People would have been covered with dirt, fleas and lice. Beds were simply straw stuffed mattresses and these would have attracted lice, fleas and all types of bugs. Bathing would be rare even for the rich, rich people might have had a bath a few times a year! Your toilet would have been a wooden bucket which would have been emptied into the nearest river at the start of the day your water supply would also come from the same river. Families would have cooked and slept in the same room. Children would have slept in a loft if the cruck house was big enough. At night, any animal you owned would be brought inside for safety. There were a number of reasons for this.
First, wild animals roamed the countryside. England still had wolves and bears in the forests and these could easily have taken a pig, cow or chickens. The loss of any animal could be a disaster but the loss of valuable animals such as an ox would be a catastrophe.
If left outside at night they could also have been stolen or simply have wandered off. If they were inside your house, none of these would happen and they were safe. However, they must have made the house even more dirty than it usually would have been as none of these animals would have been house-trained. They would have also brought in fleas and flies etc. increasing the unhygienic nature of the house.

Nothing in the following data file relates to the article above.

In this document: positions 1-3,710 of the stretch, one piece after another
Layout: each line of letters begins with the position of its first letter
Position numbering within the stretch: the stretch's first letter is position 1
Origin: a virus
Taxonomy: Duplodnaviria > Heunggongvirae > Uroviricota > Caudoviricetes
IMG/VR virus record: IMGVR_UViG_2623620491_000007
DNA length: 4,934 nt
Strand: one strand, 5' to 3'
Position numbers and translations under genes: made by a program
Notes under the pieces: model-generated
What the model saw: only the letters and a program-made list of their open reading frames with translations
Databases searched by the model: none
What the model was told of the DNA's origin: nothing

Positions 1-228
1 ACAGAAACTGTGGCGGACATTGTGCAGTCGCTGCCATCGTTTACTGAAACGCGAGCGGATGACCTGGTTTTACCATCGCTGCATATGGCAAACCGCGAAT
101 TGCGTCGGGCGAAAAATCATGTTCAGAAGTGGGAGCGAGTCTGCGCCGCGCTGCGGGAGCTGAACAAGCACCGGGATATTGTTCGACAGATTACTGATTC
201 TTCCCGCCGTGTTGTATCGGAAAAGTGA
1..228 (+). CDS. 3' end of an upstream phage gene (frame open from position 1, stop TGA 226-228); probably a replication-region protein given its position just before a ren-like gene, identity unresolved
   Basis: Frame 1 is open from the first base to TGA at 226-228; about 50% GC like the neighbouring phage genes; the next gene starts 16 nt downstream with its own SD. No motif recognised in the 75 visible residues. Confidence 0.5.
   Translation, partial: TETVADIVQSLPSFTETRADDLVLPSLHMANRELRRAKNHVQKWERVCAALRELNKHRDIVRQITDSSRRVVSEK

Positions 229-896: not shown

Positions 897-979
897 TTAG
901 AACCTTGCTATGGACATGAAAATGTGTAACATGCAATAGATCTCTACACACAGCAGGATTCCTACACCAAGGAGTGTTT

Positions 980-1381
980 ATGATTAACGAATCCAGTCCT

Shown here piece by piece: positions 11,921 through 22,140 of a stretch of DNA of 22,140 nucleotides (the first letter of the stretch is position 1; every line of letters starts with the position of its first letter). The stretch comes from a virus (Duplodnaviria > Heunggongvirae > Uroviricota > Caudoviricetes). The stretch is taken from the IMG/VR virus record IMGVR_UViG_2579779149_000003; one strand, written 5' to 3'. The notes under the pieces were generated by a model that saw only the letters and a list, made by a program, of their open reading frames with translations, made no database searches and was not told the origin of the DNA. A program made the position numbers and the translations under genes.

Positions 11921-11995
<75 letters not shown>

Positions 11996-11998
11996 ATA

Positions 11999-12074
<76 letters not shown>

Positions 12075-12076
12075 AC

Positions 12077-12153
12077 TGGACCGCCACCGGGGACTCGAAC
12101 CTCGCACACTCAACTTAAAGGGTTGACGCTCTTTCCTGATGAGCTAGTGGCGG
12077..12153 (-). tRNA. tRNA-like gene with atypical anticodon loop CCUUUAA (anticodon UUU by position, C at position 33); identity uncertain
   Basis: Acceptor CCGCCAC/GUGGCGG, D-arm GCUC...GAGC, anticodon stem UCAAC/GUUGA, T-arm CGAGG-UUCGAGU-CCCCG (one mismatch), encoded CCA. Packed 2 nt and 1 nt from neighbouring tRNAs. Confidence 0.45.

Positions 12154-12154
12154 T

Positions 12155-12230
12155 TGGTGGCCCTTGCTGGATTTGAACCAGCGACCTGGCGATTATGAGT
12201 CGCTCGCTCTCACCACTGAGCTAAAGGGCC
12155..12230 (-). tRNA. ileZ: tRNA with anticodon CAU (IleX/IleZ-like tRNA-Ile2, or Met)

Some of the settlement factors people would look for in the fourteenth century were high-quality occupation offered for all such as such as bakery, leatherworking, blacksmithing, carpenters, armourers, bowyers/fletchers and swordsmithing. People chose places which looked eye-catching and there was an enjoyable place to visit and People would want better and improved transport as well as brilliant security and fair laws.
The Black Death started in Europe when the Genoese decided to escape the plague by fleeing from Caffa (where the Black Death originated from). The Genoese boarded their ships and set sail for Italy carrying rats, flees and the Black Death with them.
The Black Death transmitted when a flea drank a rat’s blood that carried the yersina pestis (plague germs). The yersina pestis would multiply until the flea’s gut was clogged with it. The flea would then bite a human ejecting the rat’s blood into the open wound the human would then be infected. This cycle carried on until the lives of 50 million people were taken from them in Europe wiping out half of London’s population. It is said that the that the
It was simple for the Black Death to spread in London since Hygiene in London was awfully poor as shown in the fourth paragraph there was a lot of congestion because London was dreadfully overpopulated and houses were still being developed people would cook, eat, sleep and go to the toilet in the same room which meant a lot of germs.
In conclusion I think that the settlement of London did help the plague to spread in the 1300s because of various reasons including many of the reasons shown above mainly since the type of people that who settled there, and the fact that they had no sewage for their waste to go to. But I think that if the people not just in London but all around the world were more alert and aware of germs and hygiene then the Black Death would never have started.